In 1981, he donates his home, St. Columb’s Rectory, near the village of Churchill, County Donegal, which he had owned since 1954, along with a considerable collection including work by Pablo Picasso, Edgar Degas, Georges Braque, Graham Sutherland, Anna Ticho and Jack Butler Yeats to the State.

An exhibition of his work and personal art collection can be seen at the House and associated Glebe Gallery at Churchill, near Letterkenny. Another collection of his work is held at Mottisfont Abbey. Many of his landscapes portray scenes from Tory Island, where he has a painting hut for years, and starts and then mentors the artists’ community there, teaching the local fishermen how to paint. This leads to the informal but busy “Tory School” of artists such as James Dixon and Anton Meenan, who find that they have the time to paint and use their wild surroundings as a dramatic subject.

Hill is made a CBE in 1997. A Retrospective exhibition is arranged for and by him at the Royal Hibernian Academy in 1998. On January 13, 1999, he is made an honorary Irish citizen by the President of Ireland Mary McAleese.

Arthur Derek Hill dies at the age of 83 at a London hospital on July 30, 2000. He is buried in Hampshire in the South of England with his parents. Memorial services are held for him in Dublin at St. Patrick’s Cathedral, as well as St. James’s Church, Piccadilly, London, and his local Church in Trentagh, County Donegal.


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The Races of Castlebar

races-of-castlebarThe Battle of Castlebar occurs on August 27, 1798 near the town of Castlebar, County Mayo, during the Irish Rebellion of 1798. A combined force of 2,000 French troops and Irish rebels rout a force of 6,000 British militia in what later becomes known as the “Castlebar Races” or “Races of Castlebar.”

The long-awaited French landing to assist the Irish revolution begun by Theobald Wolfe Tone‘s Society of United Irishmen takes place five days previously on August 22, when almost 1,100 troops under the command of General Jean Joseph Amable Humbert land at Cill Chuimín Strand, County Mayo. The nearby town of Killala is quickly captured after a brief resistance by local yeomen. Following the news of the French landing, Irish volunteers began to trickle into the French camp from all over Mayo.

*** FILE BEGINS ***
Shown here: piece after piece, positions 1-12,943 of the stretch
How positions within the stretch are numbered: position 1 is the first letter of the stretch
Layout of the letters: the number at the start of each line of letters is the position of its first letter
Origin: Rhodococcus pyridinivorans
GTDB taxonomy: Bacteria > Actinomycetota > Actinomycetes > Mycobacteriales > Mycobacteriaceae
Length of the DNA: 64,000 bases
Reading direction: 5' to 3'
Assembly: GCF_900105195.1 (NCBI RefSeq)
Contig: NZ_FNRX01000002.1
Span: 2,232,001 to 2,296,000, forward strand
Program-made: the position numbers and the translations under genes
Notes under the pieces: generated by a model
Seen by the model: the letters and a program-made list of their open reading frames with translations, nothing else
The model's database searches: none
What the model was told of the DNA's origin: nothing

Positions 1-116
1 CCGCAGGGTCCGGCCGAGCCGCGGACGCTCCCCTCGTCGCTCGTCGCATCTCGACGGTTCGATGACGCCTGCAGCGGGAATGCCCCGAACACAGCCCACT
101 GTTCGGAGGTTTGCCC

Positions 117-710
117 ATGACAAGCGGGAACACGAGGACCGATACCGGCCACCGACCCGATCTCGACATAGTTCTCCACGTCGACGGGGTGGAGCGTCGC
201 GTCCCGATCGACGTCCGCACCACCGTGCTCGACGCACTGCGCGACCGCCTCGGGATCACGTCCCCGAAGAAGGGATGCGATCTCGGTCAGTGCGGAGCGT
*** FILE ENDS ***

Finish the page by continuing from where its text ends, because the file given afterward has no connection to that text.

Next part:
On August 26, leaving about 200 French regulars behind in Killala to cover his rear and line of withdrawal, Humbert takes a combined force of about 2,000 French and Irish to march on and take Castlebar. In order to avoid a head-on attack, locals advise the French of an alternative route to Castlebar through the wilds along the west of Lough Conn, which the British believe to be impassable for a modern army with attendant artillery train. When General Gerald Lake’s scouts spot the approaching enemy, the surprised British have to hurriedly change the deployment of their entire force to face the threat from this unanticipated direction.

The British have barely completed their new deployment when the Franco-Irish army appears outside the town at about 6:00 AM. The newly sited British artillery opens up on the advancing French and Irish and cut them down in droves. French officers, however, quickly identify an area of scrub and undergrowth in a defile facing the centre of the artillery line which provides some cover from the British line of fire. The French launch a bayonet charge, the ferocity and determination of which unnerve the units stationed behind the artillery. The British units begin to waver before the French reach their lines and eventually turn in panic and flee the battlefield, abandoning the gunners and artillery. A unit of cavalry and British regular infantry attempt to stand and stem the tide of panic but are quickly overwhelmed.

In the headlong flight of thousands of British militia, large quantities of guns and equipment are abandoned, among which is General Lake’s personal luggage. Although not pursued a mile or two beyond Castlebar, the British do not stop until they reach Tuam, with some units fleeing as far as Athlone in the panic. The panic is such that only the arrival of Cornwallis at Athlone prevents further flight across the River Shannon.

Although achieving a decisive victory, the losses of the French and Irish are high, with about 150 men killed, mostly to the cannonade at the start of the battle. About 80 British are killed and some 270 wounded, captured, or deserted. Following the victory, thousands of volunteers flock to join the French who also send a request to France for reinforcements and formally declare a Republic of Connacht, which lasts 3 days and collapses when the French depart.

On September 5, the British forces are again defeated at Collooney however, after that, the rebellion quickly folds. More troops gather and by the Battle of Ballinamuck on September 8, their strength is over 15,000. Ballinamuck is the end for General Humbert, who hands in his surrender. The Irish rebels fight on briefly until scattered. Killala is re-taken on September 12. More French warships sail for Ireland, but are decisively defeated by the Royal Navy near Tory Island. With that the 1798 rebellion ends. The captured French soldiers are transferred to England and eventually repatriated. The French officers of Irish origin are hanged in Dublin with the Irish rebels.